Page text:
President Jeff Lacker

Photo of President Jeffrey M. Lacker

Dec. 22, 2005

The Economic Outlook

It is a pleasure to be with you today to discuss the economic outlook for 2006 and beyond. It is a pleasure, in part, because the economic outlook is fairly encouraging. Growth is on a solid footing, despite this years run-up in energy prices and the disruptions of a devastating hurricane season. After a brief pause this fall, employment has resumed expanding at a healthy pace, consumer spending continues to grow briskly, and business investment spending is robust. Granted, housing activity seems to be softening, and at least some potential price level pressures remain, so it may be too soon to break out the eggnog. But inflation expectations remain contained, and we at the Fed are well-positioned to resist inflation pressures, should they emerge. So all in all, it is quite a good outlook. In fact, in the spirit of the holiday season, I am tempted to say that I bring you tidings of comfort and joy, but I am afraid that might strike you as uncharacteristically exuberant for a central banker, so let me just say that tidings appear to be improving at a measured pace.

Photo of President Jeffrey M. Lacker

Dec. 21, 2005

The Economic Outlook

It is a pleasure to be with you today to discuss the economic outlook for 2006 and beyond. It is a pleasure, in part, because the economic outlook is fairly encouraging. Growth is on a solid footing, despite this year’s run-up in energy prices and the disruptions of a devastating hurricane season. After a brief pause this fall, employment has resumed expanding at a healthy pace, consumer spending continues to grow briskly, and business investment spending is robust. Granted, housing activity seems to be softening, and at least some potential price level pressures remain, so it may be too soon to break out the eggnog. But inflation expectations remain contained, and we at the Fed are well-positioned to resist inflation pressures, should they emerge. So all in all, it is quite a good outlook. In fact, in the spirit of the holiday season, I am tempted to say that I bring you tidings of comfort and joy, but I am afraid that might strike you as uncharacteristically exuberant for a central banker, so let me just say that tidings appear to be improving at a measured pace.

Photo of President Jeffrey M. Lacker

Oct. 20, 2005

Interest Rate Policy After Greenspan

Early next year, we will experience an event that happens rarely in the Federal Reserve — the retirement of the Chairman of the Board of Governors. Alan Greenspan is just the fifth Fed Chairman in the modern era that began with the Treasury-Fed Accord in 1951, and his retirement provides us with an excellent opportunity both to look back at a period of extraordinary success in monetary policy-making and to look forward to the principles that might allow future policy to continue this success. I plan to do some of both today, but I may spend as much time looking back as looking forward, not because I’m particularly nostalgic for the 1990s, but because I think it’s important for us to understand the nature of our policy successes in order to draw the right lessons to guide our future thinking about policy. As always, the views expressed are my own, and do not necessarily represent the views of my colleagues in the Federal Reserve System.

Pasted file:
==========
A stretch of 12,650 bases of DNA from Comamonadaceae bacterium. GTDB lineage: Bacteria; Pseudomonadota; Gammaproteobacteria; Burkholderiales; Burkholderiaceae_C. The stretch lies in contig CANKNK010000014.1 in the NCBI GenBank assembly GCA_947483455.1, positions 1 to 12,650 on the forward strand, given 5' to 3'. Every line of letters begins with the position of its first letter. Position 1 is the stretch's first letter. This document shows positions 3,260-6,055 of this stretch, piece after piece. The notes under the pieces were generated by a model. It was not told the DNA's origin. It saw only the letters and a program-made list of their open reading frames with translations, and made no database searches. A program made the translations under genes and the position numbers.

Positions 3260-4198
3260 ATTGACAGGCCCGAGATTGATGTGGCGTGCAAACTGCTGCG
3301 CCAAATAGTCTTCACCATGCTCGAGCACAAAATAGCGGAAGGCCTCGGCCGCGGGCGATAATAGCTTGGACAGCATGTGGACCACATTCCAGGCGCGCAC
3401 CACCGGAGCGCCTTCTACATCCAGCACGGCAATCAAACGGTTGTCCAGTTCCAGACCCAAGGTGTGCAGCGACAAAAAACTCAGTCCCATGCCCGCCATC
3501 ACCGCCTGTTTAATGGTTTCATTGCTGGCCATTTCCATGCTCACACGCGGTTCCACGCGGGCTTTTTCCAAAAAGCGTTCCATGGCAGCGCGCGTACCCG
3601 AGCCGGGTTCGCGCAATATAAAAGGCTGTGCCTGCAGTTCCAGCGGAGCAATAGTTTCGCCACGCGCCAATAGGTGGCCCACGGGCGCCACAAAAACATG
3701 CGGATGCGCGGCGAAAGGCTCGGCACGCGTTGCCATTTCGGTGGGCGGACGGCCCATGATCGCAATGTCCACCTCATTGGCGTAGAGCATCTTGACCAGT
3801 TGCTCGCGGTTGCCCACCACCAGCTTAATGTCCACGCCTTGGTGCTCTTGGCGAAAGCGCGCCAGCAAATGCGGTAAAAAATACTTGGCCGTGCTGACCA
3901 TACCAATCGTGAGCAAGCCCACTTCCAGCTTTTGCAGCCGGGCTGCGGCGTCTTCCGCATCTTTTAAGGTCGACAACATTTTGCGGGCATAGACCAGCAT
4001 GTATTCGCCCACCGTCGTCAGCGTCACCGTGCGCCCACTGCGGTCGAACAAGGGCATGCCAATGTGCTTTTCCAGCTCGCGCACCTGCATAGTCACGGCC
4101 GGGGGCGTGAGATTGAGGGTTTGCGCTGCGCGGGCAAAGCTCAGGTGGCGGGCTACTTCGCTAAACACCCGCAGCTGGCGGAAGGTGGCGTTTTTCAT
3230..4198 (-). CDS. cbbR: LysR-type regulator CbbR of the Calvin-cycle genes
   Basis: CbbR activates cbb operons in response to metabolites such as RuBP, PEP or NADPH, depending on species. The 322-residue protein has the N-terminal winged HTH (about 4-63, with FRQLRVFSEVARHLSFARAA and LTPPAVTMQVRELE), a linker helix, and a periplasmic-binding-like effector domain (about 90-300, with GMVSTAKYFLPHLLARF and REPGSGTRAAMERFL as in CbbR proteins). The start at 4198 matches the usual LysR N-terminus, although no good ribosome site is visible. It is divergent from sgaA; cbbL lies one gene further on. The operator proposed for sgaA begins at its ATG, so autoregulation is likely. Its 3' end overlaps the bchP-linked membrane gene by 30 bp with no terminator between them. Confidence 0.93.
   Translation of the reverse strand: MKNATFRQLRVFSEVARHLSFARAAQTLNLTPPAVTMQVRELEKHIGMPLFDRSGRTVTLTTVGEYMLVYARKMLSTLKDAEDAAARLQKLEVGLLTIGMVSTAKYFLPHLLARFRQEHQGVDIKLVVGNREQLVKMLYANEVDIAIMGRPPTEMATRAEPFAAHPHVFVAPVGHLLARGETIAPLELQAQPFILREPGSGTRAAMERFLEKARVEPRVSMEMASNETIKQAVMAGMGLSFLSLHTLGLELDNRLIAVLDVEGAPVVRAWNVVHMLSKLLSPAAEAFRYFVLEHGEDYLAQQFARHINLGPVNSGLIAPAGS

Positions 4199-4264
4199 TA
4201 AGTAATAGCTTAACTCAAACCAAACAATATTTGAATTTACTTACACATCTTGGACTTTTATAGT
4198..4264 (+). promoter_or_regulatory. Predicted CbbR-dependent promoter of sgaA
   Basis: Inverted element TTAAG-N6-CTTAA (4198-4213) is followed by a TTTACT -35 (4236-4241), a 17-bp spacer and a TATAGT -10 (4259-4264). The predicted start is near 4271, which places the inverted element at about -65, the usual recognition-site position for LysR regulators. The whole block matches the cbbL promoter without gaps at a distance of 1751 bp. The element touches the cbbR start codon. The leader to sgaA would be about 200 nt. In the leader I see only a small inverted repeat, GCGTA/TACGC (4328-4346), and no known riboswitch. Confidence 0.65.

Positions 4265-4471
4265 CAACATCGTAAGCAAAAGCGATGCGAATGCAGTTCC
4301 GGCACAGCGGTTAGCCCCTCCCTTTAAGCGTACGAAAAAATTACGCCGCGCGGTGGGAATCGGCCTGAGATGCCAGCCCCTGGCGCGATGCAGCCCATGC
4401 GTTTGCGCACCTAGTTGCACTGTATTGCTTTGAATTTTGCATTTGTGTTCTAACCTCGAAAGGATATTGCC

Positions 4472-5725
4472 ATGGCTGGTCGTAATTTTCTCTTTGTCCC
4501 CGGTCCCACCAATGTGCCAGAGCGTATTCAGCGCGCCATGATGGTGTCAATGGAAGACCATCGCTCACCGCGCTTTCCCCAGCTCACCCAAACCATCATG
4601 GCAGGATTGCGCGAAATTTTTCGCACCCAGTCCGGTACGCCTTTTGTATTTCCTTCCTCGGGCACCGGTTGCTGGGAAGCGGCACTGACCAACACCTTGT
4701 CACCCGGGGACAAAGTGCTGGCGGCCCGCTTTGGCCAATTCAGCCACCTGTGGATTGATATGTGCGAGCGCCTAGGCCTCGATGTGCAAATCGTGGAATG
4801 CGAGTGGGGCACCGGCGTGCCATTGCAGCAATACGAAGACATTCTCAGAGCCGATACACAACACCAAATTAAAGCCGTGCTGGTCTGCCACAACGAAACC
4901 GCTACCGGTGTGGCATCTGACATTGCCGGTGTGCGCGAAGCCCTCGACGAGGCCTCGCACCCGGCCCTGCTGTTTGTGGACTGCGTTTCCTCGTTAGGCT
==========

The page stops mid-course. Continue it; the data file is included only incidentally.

Photo of President Jeffrey M. Lacker

June 20, 2005

Retail Financial Innovation

Over the last two decades, we have witnessed what can arguably be called a revolution in retail consumer finance. Perhaps the hallmark of this revolution has been the dramatic expansion of unsecured lending through the proliferation of credit cards. This growth has not been limited to unsecured credit, but also includes mortgage and home equity lending. One of my themes this morning will be that these trends are the result of a wave of innovation, largely related to information technology, that has brought widespread change to financial services and other industries. At the same time, as retail credit extension has grown we have also seen a significant expansion of regulations pertaining to the extension of such credit, and a growing concern in some quarters that American households have lost control of their finances to a dizzying array of new products and options. My second theme concerns the relationship between these two broad developments. I will argue that there is a natural tendency for credit expansions like the one we've seen to lead to calls for new regulation. My hope is that understanding this relationship will better equip us to assess current conditions in retail credit markets, including legislative and regulatory proposals, and to think clearly about the industry's future direction.

Photo of President Jeffrey M. Lacker

June 14, 2005

Retail Financial Innovation